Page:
Friday, July 21, 2023

Gospel Reading and Reflection for July 23

Matthew 13:24-30, 36-43
13:24 He put before them another parable: "The kingdom of heaven may be compared to someone who sowed good seed in his field;

13:25 but while everybody was asleep, an enemy came and sowed weeds among the wheat, and then went away.

13:26 So when the plants came up and bore grain, then the weeds appeared as well.

13:27 And the slaves of the householder came and said to him, 'Master, did you not sow good seed in your field? Where, then, did these weeds come from?'

13:28 He answered, 'An enemy has done this.' The slaves said to him, 'Then do you want us to go and gather them?'

13:29 But he replied, 'No; for in gathering the weeds you would uproot the wheat along with them.

13:30 Let both of them grow together until the harvest; and at harvest time I will tell the reapers, Collect the weeds first and bind them in bundles to be burned, but gather the wheat into my barn.'"

13:36 Then he left the crowds and went into the house. And his disciples approached him, saying, "Explain to us the parable of the weeds of the field."

13:37 He answered, "The one who sows the good seed is the Son of Man;

13:38 the field is the world, and the good seed are the children of the kingdom; the weeds are the children of the evil one,

13:39 and the enemy who sowed them is the devil; the harvest is the end of the age, and the reapers are angels.

13:40 Just as the weeds are collected and burned up with fire, so will it be at the end of the age.

13:41 The Son of Man will send his angels, and they will collect out of his kingdom all causes of sin and all evildoers,

13:42 and they will throw them into the furnace of fire, where there will be weeping and gnashing of teeth.

13:43 Then the righteous will shine like the sun in the kingdom of their Father. Let anyone with ears listen!

The Story
In God's kingdom, the kingdom of heaven, God rules. God's realm is everywhere and there is no place where God is not present.* 

The brilliant metaphor in this reading is the wheat field invaded with a pernatious weed that has become a threat to the harvest. The interloper cannot be distinguished from the wheat plants. How do the workers make sure that the wheat is not choked out?

The default is to try to fix the situation by weeding the field. In South Texas, the time to weed lawns is in the spring. If you don't do it when the weeds first appear, you will have missed your chance to stop them. If you wait until summer, you will end up pulling up the lawn, or the weed killer will burn the grass. The weeds can overtake the lawn very quickly. 

The harvest in Jesus' time was the process of separating wheat from chaff. The crop was collected and pitched onto the threshing floor. Here the gatherings were cut under the weight  of a sledge. Once thrashed, the mixture was winnowed, a process that separated the grain from other debris. This process was repeated as needed.**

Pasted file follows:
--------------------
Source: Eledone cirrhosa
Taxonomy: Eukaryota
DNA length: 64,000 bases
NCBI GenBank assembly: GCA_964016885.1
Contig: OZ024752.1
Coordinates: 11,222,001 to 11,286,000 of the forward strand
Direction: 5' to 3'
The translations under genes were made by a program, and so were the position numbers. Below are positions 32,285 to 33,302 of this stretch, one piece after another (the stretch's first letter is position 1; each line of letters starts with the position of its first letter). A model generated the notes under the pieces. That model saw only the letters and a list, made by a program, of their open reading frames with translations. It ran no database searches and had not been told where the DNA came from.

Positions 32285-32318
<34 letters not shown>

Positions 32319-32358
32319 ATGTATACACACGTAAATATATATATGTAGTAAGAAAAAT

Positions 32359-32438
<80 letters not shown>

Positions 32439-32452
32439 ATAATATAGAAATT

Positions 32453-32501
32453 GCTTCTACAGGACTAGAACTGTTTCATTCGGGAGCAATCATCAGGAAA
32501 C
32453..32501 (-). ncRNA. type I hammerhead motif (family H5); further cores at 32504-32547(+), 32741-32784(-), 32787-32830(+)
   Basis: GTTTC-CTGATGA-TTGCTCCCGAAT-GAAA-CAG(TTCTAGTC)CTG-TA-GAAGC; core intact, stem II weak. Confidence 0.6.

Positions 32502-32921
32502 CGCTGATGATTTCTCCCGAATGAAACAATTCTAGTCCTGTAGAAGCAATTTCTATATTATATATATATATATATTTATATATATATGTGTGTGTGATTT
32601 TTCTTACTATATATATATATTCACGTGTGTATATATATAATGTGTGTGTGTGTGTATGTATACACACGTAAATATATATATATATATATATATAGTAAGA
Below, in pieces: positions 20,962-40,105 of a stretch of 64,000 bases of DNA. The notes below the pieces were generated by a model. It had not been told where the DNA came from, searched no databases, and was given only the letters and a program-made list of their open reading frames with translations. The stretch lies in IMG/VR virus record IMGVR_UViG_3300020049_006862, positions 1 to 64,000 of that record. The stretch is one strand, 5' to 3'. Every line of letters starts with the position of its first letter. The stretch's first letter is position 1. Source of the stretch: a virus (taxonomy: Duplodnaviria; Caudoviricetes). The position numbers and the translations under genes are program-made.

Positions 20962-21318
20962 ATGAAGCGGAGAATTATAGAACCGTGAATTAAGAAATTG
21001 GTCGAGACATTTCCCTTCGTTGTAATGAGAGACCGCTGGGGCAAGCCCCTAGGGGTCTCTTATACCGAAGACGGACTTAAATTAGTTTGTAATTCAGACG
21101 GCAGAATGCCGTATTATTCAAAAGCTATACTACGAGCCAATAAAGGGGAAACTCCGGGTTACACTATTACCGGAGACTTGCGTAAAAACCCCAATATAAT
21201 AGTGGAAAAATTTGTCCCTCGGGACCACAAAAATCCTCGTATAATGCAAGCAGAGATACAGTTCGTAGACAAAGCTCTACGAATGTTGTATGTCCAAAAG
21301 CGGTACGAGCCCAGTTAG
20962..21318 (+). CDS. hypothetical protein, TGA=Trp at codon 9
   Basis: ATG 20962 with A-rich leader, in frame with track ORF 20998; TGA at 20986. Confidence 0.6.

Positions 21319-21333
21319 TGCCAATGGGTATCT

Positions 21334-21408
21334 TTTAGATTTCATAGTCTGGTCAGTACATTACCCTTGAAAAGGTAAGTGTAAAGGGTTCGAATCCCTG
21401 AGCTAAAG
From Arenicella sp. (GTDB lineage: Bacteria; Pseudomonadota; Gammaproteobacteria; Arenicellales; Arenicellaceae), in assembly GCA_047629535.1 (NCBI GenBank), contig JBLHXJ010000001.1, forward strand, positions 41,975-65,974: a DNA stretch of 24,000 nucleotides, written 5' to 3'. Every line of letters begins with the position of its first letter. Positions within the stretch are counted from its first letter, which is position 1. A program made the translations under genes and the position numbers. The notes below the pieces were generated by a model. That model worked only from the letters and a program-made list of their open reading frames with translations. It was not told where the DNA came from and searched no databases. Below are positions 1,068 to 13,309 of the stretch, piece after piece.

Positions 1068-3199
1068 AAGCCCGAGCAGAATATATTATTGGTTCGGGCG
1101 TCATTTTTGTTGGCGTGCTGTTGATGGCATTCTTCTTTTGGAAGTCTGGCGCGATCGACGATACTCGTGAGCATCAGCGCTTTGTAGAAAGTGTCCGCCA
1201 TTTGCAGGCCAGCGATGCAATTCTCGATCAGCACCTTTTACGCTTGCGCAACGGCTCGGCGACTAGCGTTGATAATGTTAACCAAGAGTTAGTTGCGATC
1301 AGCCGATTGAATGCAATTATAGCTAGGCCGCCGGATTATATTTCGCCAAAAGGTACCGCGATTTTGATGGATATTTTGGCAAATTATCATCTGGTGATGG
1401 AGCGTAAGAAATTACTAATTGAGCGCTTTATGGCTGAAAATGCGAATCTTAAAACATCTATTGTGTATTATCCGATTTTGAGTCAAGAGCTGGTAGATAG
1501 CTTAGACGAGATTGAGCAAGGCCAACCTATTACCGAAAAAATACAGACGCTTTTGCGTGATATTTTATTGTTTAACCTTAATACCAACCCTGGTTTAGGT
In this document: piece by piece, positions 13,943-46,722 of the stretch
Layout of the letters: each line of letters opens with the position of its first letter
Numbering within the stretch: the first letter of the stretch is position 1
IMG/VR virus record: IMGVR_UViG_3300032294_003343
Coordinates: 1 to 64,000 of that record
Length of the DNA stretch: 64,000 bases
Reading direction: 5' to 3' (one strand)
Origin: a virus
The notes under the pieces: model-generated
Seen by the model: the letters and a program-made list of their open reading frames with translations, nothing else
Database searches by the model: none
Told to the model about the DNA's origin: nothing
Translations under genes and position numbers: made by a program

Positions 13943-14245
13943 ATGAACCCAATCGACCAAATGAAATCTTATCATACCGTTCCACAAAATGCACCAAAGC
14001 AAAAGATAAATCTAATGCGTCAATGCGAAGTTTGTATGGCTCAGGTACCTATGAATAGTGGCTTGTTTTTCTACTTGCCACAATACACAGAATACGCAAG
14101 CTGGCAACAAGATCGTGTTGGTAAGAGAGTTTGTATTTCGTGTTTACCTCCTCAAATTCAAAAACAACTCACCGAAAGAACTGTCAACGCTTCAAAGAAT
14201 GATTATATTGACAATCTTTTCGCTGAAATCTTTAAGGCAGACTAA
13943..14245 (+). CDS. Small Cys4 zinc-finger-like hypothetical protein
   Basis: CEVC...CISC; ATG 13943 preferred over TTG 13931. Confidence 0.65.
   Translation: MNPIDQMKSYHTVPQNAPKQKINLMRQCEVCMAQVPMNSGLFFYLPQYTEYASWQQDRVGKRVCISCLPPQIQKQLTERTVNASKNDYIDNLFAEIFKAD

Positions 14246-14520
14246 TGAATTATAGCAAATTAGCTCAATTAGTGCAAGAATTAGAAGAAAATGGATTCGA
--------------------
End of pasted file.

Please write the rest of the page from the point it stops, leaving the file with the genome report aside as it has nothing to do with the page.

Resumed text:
The explanation of the parable is a brief but clear commentary on the nature of moral evil and the threat it poses to God's rule and reign on earth, which includes all humankind. Consider this working definition of moral evil: doing harm, intentionally. With that as a given, here some points to consider.
  1. Evil is a Liar What better image than the story of the weeds looking just like the wheat? For evil to progress, lies are told as truth. We can tell lies to ourselves and each other. I often believe what I want to believe, hear what I want to hear, and I prefer whatever casts me in a positive light. 
  2. Evil is an Escape Artist Through finger pointing, blaming, accusing, or shaming, I can project evil on another person, race, or religion. "They" are cast as non-persons, undeserving of kindness or respect. Scapegoating causes great harm and is another way evil thrives. 
  3. Evil Multiplies. Unfortunately, evil can have a field day in people and institutions whose official mission statements provide cover for the harm they may cause, even in the name of religious faith. The hypocrisy can be covered by more and more lies. 
  4. Evil Hides Out. The weeds are planted under cover of the night. The destructive weeds hide in the wheat. Because evil intentions exist in the mind, no one can know the true motivations of another human being. The hiddenness of evil is suggested in the word "den" in Scripture, as in a "a den of thieves, a den of iniquity," etc.
  5. Evil Can Be Outlasted. Because the weeds threaten the crop, we are tempted to multiply the harm. When I try to fix the troublemakers, I end up being like them. In what world does Christ call me to judge others without mercy just because I happen to attend church or pray more often?***  
  6. Evil is Judged. Evil will not only be exposed for what it is, but once unmasked, the truth will be shouted from the rooftops. At the end of the harvest, the angels serve God best by doing the hard work. My job is to resist evil without becoming evil and to do no harm. My calling is to wait for God's deliverance in God's time in God's way. 
  7. Our Decisions are Made in Gray Areas. Our lives are lived amidst good and evil. We live in the gray areas, that sphere where we decide the way that leads to greater evil or greater good. That's why our sense of wisdom and discernment of spirits is so important. We make our ethical decisions among the wheat and weeds. 
* See Psalm 139: 7-12
**See Ferrell Jenkins, "Grinding Grain in Biblical Times," April 30, 2012. 
***My friend and mentor, Jim Jackson, has often said that God has given us the ministry of promotion, not quality control.

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